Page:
IS BUSINESS TRAVEL TO CAPE TOWN DRYING UP?

20 Feb 2018

At the latest World Economic Forum held in Davos, Switzerland, India’s Prime Minister opened the week by telling delegates that climate change is the greatest threat to civilisation. Next up was South Africa’s Deputy President who said; ‘Climate change is a reality. We’re facing a real disaster in Cape Town which is affecting four million people.’

The Western Cape is indeed facing a rare and frightening reality. Right now, unless water consumption is seriously reduced, reservoirs will run dry and fresh water to taps cut off. The impact will be massive, not only on the people living in the region, but on South Africa’s tourism and business travel industries.

As suggested in Davos, this is not a local phenomenon. Other water-stressed cities such as Los Angeles, Sao Paulo and Singapore consider who will be next.

How good are travel management companies (TMCs) at understanding the macro, socio-environmental realities of countries and advising/informing business travellers accordingly?

In a world facing unprecedented climate change, the TMC must be on top of the latest facts pertaining to specific destinations. For example, in Cape Town, Day Zero (that’s when the taps have been switched off and extreme restrictions to water wastage are implemented) is expected to be on 4 June 2018*.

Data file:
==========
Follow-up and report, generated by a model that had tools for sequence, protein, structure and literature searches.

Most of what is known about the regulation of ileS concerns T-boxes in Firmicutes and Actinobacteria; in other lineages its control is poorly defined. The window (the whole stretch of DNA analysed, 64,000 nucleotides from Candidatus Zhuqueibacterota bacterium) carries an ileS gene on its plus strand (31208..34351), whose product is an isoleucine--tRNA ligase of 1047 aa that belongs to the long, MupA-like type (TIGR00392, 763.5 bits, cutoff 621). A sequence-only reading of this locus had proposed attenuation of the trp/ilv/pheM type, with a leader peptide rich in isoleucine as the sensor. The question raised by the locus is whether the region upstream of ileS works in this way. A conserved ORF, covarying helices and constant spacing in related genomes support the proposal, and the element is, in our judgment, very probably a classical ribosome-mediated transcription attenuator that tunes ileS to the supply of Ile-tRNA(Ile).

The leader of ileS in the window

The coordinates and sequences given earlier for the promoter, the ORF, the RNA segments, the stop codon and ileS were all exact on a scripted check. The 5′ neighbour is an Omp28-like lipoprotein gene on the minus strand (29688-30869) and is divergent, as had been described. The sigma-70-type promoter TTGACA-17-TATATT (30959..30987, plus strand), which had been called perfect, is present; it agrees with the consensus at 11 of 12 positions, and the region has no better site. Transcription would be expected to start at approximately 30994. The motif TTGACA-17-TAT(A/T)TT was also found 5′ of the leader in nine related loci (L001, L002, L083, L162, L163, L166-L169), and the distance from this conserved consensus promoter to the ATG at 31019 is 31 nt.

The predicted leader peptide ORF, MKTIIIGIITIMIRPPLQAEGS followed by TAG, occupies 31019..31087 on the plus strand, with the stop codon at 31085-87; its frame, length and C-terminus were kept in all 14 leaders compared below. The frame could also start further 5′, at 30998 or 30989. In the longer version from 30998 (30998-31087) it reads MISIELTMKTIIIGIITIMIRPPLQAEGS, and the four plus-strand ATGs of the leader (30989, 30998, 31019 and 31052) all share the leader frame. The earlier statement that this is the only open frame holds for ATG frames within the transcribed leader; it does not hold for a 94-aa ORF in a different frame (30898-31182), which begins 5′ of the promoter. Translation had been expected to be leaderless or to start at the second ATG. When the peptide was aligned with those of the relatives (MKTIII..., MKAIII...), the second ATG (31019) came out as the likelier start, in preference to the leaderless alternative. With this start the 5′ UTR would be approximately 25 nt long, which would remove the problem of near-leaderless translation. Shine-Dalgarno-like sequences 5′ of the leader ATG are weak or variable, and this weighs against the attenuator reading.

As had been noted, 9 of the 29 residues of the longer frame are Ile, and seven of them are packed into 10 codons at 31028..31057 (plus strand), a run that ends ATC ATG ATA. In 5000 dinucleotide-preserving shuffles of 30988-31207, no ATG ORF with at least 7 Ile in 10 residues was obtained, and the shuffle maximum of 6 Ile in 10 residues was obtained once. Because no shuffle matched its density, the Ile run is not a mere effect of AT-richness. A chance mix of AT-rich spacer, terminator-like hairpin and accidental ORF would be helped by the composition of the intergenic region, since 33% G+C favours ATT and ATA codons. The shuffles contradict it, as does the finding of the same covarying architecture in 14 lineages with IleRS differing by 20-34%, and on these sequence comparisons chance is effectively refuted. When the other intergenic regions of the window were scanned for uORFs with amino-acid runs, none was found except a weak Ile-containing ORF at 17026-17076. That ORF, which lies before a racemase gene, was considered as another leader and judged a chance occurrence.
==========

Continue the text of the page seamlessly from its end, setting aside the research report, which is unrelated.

However, Day Zero can be avoided. By imparting the many positives of the Western Cape and sharing suggestions on how to minimise water usage, the TMC is not only educating business travellers, it is helping to maintain the economy of the region.

Nevertheless, should a business decide to cancel a conference or event in the Western Cape (ironically chosen by a global consortia of travel companies as their conference venue for 2018), how agile is the TMC in negotiating reasonably-priced, alternative travel to drought-free regions such as Durban or Johannesburg?

The Western Cape’s drought will eventually end and will even do some long-term good. It has undoubtedly heightened public awareness of the effects of climate change and, as such, has caused a behavioral transformation in many people.

TMCs can help by researching and recommending water-conscious B&Bs and hotels; establishments that have implemented some or all of the following:

As the saying goes, don’t waste a crisis. Learn from it and change.

*accurate on day of publishing